Statement of IDFI Regarding the Letter of President Advisor to the Prosecutor’s Office of Georgia

Statements 14 January 2016

Recently the President Administration has published a letter of the President Advisor to the Prosecutor’s office of Georgia, requesting various statistical information on the stages of investigations launched regarding the cases of torture and inhuman treatment in the penitentiary system before the Parliamentary Elections of 2012.


We would like to remind you, that during the last years IDFI has been referring to various public institutions with the purpose of receiving the information. In July 2013 FOI request was sent to Tbilisi City Court requesting information on the cases heard by the Court with the charges of torture (Art.1441 of the Criminal Code of Georgia) or inhuman treatment (Art.1442 of the Criminal Code of Georgia) beginning from October 2012. Court Decisions on the cases were also requested. Based on the received information, during the period of October 2012 – July 2013 two cases on the above mentioned charges was heard by Tbilisi City Court.


In November 2014 IDFI referred to the Prosecutor’s Office of Georgia and requested various information on the results of investigating cases of torture and inhuman treatment in prisons. The public institution provided us with the information according to which during 2013 investigation was launched against 48 public servants at the penitentiary system, out of which in 28 cases suspects were found guilty, and in one case charges against the suspect was not proven. We did not receive data on the outcomes of the remaining 18 cases, although from the text of the latter it can be deduced that in remaining 18 cases suspects were found partially guilty.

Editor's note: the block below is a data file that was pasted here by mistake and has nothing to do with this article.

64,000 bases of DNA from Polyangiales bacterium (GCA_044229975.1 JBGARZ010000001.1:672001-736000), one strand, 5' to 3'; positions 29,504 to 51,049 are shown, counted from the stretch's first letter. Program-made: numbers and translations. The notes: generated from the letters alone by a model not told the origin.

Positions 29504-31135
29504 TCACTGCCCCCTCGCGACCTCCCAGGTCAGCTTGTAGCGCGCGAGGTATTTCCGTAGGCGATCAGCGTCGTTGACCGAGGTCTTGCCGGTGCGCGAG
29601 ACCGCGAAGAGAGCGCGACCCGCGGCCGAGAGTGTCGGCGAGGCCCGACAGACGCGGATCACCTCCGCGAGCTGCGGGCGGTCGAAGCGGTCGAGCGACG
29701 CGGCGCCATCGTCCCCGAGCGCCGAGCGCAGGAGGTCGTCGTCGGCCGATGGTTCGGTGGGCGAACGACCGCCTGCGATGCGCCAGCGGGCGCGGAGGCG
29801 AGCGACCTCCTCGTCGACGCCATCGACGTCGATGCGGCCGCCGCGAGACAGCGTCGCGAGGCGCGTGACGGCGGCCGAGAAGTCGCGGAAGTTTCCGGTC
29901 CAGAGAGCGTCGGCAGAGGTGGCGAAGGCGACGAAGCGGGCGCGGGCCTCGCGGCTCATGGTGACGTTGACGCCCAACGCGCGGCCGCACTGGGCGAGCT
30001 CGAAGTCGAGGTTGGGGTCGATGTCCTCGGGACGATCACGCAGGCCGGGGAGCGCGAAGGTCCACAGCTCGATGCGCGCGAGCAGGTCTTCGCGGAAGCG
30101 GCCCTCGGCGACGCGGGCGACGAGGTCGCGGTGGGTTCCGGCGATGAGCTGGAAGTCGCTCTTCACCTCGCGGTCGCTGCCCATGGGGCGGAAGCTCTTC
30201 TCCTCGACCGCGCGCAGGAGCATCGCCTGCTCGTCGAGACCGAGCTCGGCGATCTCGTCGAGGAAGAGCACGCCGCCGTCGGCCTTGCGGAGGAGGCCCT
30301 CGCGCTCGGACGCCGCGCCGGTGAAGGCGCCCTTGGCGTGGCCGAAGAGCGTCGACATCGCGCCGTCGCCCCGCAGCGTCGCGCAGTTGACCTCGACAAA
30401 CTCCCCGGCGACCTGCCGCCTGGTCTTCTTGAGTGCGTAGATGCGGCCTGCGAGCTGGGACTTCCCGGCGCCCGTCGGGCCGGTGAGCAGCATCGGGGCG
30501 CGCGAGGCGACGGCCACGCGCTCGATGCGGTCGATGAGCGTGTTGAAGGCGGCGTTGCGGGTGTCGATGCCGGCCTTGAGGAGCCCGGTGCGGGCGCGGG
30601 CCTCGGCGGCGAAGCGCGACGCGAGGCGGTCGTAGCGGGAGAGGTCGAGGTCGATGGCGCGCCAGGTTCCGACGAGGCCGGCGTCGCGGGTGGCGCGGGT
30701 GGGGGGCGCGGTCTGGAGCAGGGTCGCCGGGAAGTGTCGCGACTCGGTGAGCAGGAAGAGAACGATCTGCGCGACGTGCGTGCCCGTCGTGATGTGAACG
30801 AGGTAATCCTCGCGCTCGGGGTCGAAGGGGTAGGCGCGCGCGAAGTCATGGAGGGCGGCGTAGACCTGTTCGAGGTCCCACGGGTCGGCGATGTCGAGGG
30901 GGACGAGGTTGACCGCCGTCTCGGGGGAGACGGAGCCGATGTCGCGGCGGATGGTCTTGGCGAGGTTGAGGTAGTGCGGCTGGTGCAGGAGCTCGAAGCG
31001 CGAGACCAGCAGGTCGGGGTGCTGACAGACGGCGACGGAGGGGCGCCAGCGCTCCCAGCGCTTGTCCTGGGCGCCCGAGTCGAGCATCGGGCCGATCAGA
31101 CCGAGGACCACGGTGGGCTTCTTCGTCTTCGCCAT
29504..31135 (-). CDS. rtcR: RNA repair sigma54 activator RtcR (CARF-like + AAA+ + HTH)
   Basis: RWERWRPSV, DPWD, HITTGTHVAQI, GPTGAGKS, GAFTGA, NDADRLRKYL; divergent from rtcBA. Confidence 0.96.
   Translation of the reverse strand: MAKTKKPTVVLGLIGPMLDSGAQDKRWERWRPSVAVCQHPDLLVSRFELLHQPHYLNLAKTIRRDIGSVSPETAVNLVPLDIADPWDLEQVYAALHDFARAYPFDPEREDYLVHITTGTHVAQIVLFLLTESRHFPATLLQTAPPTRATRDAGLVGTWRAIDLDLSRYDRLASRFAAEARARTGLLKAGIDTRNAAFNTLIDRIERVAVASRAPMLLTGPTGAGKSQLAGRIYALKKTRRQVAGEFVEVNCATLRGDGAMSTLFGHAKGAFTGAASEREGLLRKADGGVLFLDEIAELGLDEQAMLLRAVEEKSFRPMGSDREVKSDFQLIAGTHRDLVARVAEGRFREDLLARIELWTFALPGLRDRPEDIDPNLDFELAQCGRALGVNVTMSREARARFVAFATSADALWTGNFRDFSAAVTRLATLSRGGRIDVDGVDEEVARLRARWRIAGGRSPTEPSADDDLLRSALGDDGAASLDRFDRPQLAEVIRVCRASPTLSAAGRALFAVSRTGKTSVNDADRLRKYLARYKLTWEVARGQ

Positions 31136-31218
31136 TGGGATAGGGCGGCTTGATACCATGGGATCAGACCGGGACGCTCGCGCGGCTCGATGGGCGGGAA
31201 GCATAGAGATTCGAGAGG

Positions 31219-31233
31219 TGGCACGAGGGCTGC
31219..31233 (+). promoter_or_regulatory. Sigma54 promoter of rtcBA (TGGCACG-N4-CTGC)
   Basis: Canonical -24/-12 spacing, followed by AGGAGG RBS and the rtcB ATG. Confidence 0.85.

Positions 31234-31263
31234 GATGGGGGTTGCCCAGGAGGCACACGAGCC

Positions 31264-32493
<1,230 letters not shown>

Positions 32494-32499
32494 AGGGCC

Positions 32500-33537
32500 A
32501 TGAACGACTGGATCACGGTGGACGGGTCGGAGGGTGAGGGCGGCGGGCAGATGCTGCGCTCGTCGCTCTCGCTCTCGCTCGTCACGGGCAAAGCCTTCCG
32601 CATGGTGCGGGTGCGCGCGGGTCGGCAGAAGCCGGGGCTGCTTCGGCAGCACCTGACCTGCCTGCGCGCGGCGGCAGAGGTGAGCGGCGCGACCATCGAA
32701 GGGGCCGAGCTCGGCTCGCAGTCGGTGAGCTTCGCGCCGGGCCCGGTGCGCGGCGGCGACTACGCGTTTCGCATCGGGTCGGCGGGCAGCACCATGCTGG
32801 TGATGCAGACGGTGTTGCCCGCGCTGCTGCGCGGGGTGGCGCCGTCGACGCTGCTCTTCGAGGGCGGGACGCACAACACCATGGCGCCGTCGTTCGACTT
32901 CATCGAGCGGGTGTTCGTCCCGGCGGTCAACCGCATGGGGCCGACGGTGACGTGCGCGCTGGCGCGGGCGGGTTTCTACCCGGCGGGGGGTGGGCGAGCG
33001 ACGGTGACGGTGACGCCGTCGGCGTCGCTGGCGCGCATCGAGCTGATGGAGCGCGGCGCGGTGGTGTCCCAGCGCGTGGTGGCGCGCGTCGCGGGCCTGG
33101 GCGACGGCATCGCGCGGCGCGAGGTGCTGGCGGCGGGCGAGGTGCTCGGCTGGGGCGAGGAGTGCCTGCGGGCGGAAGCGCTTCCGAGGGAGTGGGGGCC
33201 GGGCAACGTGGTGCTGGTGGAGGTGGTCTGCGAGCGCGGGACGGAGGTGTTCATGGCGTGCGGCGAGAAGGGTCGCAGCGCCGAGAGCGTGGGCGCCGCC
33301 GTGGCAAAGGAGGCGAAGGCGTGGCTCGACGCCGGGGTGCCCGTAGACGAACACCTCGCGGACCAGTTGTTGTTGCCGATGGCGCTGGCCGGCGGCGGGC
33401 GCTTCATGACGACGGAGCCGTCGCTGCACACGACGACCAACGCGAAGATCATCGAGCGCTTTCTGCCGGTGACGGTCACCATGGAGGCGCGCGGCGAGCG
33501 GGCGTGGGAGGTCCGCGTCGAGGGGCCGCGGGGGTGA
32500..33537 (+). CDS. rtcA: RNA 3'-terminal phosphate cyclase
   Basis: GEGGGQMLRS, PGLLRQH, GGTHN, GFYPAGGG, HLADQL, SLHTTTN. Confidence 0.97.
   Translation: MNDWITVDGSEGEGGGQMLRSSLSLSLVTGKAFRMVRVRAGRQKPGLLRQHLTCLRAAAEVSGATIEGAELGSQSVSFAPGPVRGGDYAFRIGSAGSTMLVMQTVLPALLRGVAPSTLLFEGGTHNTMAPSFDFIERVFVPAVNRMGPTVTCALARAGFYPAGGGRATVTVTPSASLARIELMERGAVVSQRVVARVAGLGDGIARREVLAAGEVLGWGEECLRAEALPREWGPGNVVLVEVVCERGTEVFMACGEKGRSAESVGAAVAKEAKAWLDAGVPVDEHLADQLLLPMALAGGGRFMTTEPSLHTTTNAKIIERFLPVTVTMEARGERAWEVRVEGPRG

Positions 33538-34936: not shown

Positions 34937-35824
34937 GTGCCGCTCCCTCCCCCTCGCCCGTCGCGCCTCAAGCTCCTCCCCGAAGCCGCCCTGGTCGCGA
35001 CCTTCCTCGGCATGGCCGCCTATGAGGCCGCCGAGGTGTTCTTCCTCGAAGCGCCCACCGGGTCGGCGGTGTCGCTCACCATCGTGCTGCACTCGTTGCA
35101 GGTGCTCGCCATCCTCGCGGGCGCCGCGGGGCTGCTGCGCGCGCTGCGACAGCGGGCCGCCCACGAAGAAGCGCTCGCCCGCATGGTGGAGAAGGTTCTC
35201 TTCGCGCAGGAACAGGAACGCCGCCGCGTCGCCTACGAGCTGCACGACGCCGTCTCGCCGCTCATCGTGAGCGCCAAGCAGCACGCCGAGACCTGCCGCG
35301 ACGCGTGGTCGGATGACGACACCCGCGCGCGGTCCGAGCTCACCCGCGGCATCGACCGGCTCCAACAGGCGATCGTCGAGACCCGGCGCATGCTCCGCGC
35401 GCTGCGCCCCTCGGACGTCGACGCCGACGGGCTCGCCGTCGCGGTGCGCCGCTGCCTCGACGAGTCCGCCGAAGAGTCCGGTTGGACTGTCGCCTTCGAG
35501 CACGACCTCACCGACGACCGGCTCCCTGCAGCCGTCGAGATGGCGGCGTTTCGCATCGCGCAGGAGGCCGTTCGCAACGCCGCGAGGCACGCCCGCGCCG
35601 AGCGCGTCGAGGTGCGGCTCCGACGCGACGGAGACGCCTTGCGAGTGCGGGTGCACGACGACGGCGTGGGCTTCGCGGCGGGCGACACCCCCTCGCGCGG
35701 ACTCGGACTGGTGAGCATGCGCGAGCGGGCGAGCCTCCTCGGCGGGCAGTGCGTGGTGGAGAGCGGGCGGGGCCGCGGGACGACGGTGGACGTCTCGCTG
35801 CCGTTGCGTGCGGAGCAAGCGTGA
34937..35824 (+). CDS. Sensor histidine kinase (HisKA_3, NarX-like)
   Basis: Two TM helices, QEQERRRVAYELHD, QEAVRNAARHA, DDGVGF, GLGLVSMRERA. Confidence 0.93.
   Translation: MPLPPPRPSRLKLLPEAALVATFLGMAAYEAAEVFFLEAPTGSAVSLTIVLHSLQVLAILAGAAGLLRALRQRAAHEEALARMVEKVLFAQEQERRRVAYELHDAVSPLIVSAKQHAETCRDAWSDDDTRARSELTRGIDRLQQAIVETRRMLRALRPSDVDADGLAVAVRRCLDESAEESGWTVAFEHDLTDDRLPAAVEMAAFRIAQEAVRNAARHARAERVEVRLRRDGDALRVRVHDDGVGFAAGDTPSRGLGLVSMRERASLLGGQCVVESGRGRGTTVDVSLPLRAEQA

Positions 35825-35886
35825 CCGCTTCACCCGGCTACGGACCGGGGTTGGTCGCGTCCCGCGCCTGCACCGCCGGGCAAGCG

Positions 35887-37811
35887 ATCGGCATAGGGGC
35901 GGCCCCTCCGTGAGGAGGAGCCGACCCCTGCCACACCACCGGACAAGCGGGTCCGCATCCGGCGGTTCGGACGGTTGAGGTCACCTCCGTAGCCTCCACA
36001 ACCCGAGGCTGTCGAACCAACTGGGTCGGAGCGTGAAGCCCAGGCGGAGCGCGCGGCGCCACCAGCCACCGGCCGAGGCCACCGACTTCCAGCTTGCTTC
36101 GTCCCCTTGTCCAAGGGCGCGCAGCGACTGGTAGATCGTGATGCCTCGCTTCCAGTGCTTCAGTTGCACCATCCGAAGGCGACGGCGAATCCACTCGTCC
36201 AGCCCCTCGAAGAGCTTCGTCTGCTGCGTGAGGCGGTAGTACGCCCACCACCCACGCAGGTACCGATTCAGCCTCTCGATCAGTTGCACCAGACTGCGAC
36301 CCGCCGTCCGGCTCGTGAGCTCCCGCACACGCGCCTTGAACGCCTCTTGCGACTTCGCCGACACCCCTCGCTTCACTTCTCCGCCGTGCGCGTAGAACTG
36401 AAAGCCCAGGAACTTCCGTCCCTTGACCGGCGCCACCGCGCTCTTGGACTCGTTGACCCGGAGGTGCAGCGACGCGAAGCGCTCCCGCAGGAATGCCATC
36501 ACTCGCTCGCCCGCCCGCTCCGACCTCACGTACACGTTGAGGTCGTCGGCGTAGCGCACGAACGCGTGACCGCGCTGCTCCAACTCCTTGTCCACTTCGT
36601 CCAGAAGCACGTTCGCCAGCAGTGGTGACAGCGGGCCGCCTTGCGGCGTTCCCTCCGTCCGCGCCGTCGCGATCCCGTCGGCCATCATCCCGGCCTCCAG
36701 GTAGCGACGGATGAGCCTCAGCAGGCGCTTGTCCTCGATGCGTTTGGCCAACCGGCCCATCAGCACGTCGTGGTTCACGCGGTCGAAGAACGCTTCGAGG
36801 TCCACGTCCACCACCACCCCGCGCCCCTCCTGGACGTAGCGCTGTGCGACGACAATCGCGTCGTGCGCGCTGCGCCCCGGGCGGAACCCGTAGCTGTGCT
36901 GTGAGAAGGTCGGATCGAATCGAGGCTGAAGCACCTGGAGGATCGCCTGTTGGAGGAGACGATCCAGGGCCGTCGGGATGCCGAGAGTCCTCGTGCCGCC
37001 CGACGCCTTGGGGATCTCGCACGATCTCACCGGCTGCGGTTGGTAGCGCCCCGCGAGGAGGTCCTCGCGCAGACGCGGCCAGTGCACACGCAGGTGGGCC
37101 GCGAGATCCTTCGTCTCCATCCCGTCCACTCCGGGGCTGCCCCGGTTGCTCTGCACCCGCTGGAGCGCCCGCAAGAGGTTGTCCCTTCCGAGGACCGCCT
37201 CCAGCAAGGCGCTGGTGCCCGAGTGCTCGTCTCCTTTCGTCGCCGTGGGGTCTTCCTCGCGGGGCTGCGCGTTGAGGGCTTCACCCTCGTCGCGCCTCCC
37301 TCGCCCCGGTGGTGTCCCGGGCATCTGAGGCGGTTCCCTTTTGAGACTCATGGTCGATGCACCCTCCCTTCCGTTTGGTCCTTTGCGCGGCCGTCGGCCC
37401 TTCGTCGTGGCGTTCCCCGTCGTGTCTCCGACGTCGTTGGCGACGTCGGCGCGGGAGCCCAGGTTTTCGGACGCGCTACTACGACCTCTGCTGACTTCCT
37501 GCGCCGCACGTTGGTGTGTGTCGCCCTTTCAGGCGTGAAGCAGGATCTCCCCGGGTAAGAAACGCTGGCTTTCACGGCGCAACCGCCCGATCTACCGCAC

It should be emphasized that during 2015 IDFI has sent a number of FOI requests to the Prosecutor’s Office of Georgia with the aim of receiving various statistical information of high public interest regarding the cases of miscarriages of justice. Unfortunately it should be stated that considerable gaps were observed in the process of disclosing the said information. In many cases our FOI requests were left unanswered.

Unfortunately, as of to date the society has still not received acute and comprehensive information on the crimes conducted in the penitentiary system and the results of the investigations. We call on the Prosecutor’s Office of Georgia to provide society with complete information on the issues of particularly high public interest, such as statistical data on the number of complaints received by the entity, as well as the actions taken and the number of persons held responsible for the facts of torture and inhuman treatment in the prisons of Georgia. 

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